Preferential flow paths in subsurface soils serve as transport routes for water, dissolved organic matter and oxygen. Little is known about bacterial communities in flow paths or in subsoils below ∼4 m. We compared communities from preferential flow paths (biopores, fractures and sand lenses) with those in adjacent matrix sediments of clayey till from the plough layer to a depth of 6 m. 16S rRNA gene-targeted community analysis showed bacterial communities of greater abundance and diversity in flow paths than in matrix sediments at all depths. Deep fracture communities contained a higher relative abundance of aerobes and plant material decomposers like Nitrospirae, Acidobacteria and Planctomycetes than adjacent matrix sediments. Similarly, analyses of the relative abundances of archaeal amoA, nirK and dsrB genes indicated transition from aerobic to anaerobic nitrogen and sulphur cycling at greater depth in preferential flow paths than in matrix sediments. Preferential flow paths in the top 260 cm contained more indicator operational taxonomic units from the plough layer community than the matrix sediments. This study indicates that the availability of oxygen and organic matter and downward transport of bacteria shape bacterial communities in preferential flow paths, and suggests that their lifestyles differ from those of bacteria in matrix communities.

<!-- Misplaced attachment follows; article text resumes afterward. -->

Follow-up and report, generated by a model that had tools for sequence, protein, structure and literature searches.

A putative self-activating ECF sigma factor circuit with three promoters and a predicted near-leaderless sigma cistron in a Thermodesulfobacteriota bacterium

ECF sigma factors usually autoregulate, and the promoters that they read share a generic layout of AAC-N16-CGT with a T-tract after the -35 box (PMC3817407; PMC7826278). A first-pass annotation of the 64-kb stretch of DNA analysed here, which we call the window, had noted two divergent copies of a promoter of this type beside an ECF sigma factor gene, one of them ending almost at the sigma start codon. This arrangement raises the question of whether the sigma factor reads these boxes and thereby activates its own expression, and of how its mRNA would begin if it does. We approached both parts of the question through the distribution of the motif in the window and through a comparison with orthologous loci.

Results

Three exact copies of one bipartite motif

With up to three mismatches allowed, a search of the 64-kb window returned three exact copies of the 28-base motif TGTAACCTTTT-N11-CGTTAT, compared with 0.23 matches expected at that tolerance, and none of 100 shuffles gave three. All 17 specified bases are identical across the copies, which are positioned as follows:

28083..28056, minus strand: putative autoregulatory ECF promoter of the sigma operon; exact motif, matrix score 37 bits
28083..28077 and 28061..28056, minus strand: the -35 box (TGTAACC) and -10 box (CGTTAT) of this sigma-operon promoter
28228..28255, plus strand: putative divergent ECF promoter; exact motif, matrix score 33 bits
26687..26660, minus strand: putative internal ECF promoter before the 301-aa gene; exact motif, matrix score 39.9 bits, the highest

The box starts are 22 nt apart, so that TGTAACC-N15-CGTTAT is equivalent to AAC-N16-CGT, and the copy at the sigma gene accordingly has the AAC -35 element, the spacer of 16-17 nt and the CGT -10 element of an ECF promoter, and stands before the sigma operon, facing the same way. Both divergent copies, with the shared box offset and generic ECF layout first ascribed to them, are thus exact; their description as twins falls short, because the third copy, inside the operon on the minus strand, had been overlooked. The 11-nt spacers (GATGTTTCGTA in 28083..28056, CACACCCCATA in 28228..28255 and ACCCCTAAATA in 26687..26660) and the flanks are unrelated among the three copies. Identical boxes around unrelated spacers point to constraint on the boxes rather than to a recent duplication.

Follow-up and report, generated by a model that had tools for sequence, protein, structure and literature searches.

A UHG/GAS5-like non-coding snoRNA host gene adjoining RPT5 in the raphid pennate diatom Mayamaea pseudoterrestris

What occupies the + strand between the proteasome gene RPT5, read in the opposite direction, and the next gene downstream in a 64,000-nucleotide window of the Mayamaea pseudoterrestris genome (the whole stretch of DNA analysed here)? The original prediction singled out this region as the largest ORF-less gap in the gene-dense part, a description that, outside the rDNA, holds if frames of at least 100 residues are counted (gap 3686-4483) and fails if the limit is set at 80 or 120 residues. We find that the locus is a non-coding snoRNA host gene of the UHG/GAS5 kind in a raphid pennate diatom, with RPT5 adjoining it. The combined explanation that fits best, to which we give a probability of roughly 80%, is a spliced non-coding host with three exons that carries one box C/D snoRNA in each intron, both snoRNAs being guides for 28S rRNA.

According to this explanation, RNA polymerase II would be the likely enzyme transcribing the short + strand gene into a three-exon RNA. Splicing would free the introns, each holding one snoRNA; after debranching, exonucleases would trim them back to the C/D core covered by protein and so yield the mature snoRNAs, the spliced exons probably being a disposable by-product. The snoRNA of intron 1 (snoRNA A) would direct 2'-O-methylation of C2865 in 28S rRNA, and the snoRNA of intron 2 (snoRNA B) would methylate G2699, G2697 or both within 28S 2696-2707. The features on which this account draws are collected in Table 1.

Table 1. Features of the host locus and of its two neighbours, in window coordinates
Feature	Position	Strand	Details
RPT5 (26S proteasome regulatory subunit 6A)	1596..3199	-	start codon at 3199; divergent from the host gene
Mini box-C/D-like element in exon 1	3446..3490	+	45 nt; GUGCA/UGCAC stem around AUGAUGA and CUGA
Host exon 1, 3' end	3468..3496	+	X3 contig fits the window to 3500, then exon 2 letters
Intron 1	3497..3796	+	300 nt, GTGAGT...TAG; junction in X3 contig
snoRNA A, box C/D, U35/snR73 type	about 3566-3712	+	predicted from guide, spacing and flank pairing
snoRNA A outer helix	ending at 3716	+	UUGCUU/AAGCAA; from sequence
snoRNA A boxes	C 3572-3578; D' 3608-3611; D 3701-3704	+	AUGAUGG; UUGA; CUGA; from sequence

- Bacterial transport
- High-throughput qPCR
- Nutrient cycling
- Soil bacteria
- Programme Area 2: Water Resources